July 19-21 the Sheldon Jackson Museum held a fish skin workshop sponsored by the Alaska Humanities Forum, the Friends of the Sheldon Jackson Museum and the Sitka Sound Science Center.

For a slide show of the event click here.

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Alaska Museums in the News

Copiously illustrated book traces Alaska Arlines’ colorful past

Ziegler painting donated to UAS library

The Mysterious Death of Robert Kennicott

3D sculpture brings history of Kennicott back to life

Living with the Old Things

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Professional Development/Training Opportunities

Creating and Funding Preservation Projects to Enhance Collection Care

Where:  Anchorage Museum, Reynolds Classroom, 625 C Street, Anchorage, AK 99501

When:  October 17, 2012, 9:00 a.m. – 4:00 p.m.

Sponsored by Western States & Territories Preservation Assistance Service (WESTPAS)

Workshop instructor: Gary Menges

Do you want to get a preservation grant to take care of your collections? Many institutions have used grant-funded projects to enhance the level of care they can provide for their collections, and sometimes even to jump start their preservation programs.

“Creating and Funding Preservation Projects to Enhance Collection Care” is a one-day workshop that begins with identifying and setting priorities among collection needs. With a clear sense of needs, the second part of the workshop reviews sources of grant funding available to your institution. The third part of the workshop addresses the key preservation questions asked on grant applications – participants answer the questions on behalf of their institutions, building the elements of a proposal for their own collection. The workshop emphasizes working collaboratively with colleagues to develop and receive feedback on project proposals.

By the end of the workshop day, participants will have:

  • Outlined a preservation project proposal specific to their institution
  • Identified possible funding sources
  • Tested their ideas with other workshop participants

Who should attend:  Administrators and staff responsible for care of the collection in all types of libraries and archives, with an emphasis on small-to-medium sized institutions without preservation grant writing experience. By registering for the workshop, the institution commits to supporting the attendee(s) to achieve the workshop’s goals to develop and submit proposals for preservation projects to enhance collection care. When possible, TWO attendees from an institution should attend so they can work together on project development.

Cost:  No charge to the institution. WESTPAS is funded in part by the National Endowment for the Humanities.

Registration:   Pre-registration required. Register online at: WESTPAS workshop

For registration assistance contact: Alexandra Gingerich for general & content information contact Gary Menges,

October is Archives Month, and Archives & Special Collections at the UAA/APU Consortium Library will be celebrating by offering four FREE workshops!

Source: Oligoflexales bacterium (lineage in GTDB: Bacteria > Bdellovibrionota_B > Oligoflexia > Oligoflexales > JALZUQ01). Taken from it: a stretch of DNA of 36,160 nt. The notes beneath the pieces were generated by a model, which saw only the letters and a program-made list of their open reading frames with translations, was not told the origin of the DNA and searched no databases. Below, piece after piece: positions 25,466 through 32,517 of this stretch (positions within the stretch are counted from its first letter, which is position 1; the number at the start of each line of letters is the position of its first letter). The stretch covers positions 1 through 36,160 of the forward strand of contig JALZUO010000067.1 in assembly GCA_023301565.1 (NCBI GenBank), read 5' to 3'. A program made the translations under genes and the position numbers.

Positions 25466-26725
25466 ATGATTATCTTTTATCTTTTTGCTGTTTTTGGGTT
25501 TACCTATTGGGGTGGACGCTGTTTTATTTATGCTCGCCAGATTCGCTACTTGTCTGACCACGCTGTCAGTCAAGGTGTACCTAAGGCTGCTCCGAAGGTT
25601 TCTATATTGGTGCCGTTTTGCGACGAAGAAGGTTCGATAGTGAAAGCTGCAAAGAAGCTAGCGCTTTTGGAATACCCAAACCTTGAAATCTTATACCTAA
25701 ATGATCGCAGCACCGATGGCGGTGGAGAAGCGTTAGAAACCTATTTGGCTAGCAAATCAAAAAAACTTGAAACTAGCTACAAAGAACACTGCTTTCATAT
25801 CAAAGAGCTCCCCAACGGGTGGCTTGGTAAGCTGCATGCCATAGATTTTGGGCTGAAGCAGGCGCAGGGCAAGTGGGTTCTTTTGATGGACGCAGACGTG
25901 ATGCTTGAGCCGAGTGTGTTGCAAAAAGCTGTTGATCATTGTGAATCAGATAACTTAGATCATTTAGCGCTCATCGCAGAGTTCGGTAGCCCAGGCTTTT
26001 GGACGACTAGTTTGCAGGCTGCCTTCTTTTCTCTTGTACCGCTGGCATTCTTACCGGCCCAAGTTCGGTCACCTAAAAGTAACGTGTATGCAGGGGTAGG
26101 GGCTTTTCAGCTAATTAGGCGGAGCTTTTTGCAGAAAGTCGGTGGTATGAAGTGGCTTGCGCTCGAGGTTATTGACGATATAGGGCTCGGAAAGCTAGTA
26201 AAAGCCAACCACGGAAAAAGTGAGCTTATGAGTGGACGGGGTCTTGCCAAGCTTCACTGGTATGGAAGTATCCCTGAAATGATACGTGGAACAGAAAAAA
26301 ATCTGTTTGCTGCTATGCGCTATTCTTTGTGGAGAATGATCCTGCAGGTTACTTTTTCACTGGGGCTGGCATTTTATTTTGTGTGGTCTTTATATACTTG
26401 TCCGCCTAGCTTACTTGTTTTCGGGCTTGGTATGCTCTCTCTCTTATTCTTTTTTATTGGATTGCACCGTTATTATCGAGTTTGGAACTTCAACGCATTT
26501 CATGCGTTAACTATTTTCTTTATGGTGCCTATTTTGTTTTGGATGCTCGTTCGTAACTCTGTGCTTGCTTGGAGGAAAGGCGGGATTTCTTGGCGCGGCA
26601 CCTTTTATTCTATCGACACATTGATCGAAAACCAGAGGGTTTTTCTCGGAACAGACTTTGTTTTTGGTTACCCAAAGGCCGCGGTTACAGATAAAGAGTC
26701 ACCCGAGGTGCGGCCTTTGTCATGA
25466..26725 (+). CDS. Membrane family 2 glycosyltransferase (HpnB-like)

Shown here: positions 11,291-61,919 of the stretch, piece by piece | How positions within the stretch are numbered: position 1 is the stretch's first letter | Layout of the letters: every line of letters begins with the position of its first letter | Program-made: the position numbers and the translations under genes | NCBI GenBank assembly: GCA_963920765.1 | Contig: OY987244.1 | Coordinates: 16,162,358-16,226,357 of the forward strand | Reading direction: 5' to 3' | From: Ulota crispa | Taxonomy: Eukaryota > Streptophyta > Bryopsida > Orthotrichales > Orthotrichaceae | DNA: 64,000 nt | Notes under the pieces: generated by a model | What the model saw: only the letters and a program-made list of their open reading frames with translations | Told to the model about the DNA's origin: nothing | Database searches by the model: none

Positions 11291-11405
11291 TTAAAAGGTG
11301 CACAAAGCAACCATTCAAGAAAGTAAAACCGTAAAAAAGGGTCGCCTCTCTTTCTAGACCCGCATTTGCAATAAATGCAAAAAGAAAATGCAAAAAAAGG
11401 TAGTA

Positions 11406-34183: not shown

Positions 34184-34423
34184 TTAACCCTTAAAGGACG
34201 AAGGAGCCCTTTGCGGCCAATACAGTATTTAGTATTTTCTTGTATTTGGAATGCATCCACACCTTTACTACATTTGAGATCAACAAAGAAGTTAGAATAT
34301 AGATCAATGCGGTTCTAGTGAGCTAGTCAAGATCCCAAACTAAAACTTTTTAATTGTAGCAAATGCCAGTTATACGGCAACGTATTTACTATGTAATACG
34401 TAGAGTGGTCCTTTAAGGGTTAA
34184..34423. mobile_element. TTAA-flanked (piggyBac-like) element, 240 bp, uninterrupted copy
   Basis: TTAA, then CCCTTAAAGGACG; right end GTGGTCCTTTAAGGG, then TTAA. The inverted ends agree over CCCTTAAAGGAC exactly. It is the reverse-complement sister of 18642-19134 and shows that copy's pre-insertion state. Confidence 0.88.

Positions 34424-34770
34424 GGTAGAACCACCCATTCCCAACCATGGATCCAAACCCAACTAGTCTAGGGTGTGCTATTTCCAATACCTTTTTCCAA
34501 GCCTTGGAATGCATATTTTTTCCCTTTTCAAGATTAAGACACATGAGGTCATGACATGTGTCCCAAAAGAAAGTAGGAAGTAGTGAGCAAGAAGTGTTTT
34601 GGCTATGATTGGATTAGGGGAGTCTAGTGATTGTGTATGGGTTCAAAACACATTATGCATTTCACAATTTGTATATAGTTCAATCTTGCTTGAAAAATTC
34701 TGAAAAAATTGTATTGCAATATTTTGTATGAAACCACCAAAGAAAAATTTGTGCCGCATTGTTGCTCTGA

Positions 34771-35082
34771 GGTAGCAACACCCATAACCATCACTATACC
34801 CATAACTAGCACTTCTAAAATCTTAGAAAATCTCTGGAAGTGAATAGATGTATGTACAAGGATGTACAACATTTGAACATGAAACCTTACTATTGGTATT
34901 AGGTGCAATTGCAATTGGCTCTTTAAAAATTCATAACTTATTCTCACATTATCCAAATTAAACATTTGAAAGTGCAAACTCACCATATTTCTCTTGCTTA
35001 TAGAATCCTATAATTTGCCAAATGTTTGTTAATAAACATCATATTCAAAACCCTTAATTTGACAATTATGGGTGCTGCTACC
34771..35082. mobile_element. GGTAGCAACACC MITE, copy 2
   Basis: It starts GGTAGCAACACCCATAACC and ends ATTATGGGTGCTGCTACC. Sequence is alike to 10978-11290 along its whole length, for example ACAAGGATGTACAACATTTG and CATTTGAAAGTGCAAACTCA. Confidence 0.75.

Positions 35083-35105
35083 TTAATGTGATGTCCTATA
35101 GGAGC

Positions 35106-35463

Descriptions are below.  All workshops are open to the public and will be held at the UAA/APU Consortium Library.  Space is limited, so register soon!

TO REGISTER FOR A WORKSHOP: Email or call 907-786-1849. No registration is necessary for the Archives Roadshow workshop on October 27th.

Saturday October 6 – Preserving & Identifying Photographs
10:30am – 4:30pm.  UAA/APU Consortium Library Room 307. Maximum 25 participants.
Presenter: Megan K. Friedel, Archivist
Do you have shoeboxes stuffed with photographs? Are most of them unidentified and undated? Do you want to learn how best to store, preserve and identify them so that they last for future generations? This full-day workshop will teach you how to identify and date significant photo and negative types from the 19th and early 20th centuries; best practices for storing and preserving a wide range of photographic material, including slides, glass and film negatives, photo albums, scrapbooks and more; hands-on exercises in identifying the format and subject of photographs; and one-on-one consultation with a UAA archivist to help you determine the needs of your photo collection. Participants should bring 2-3 photographs from their collections to share with the class.

Saturday October 13 – Making Book Enclosures
10:30am – 12:30pm. UAA/APU Consortium Library Room 307. Maximum 20 participants.
Presenter: Arlene Schmuland, Head of Archives & Special Collections
Do you have worn books that you need to keep? Can’t repair them? Need to protect some of your rare volumes? This two-hour, hands-on training will show you how to make quick and simple book enclosures from sheets of folder-weight paper. You’re welcome to bring a book of your own or we’ll have some on hand for you to wrap for us.

Saturday October 13 – Introduction to Scanning and Organizing Digital Photographs
1:30 – 4:30pm. UAA/APU Consortium Library Room 307. Maximum 20 participants.
Presenter: Mariecris Gatlabayan, Archivist
Bytes, pixels, resolutions… oh my! The idea of scanning or organizing digital photographs can be overwhelming, so grab a bunch of your photographs and participate in this half-day workshop. The workshop will provide an introduction to scanning, resizing, editing, and organizing photographs, as well as guidelines on how best to preserve digital photographs to ensure long term access for future generations. Participants will have the opportunity to scan and edit a few of their photographs. As a result, please bring a USB drive or media on which you can save your scanned images.

Saturday October 27 – Archives Roadshow
1:30 – 4:30pm. UAA/APU Consortium Library Room 307. NO REGISTRATION NECESSARY.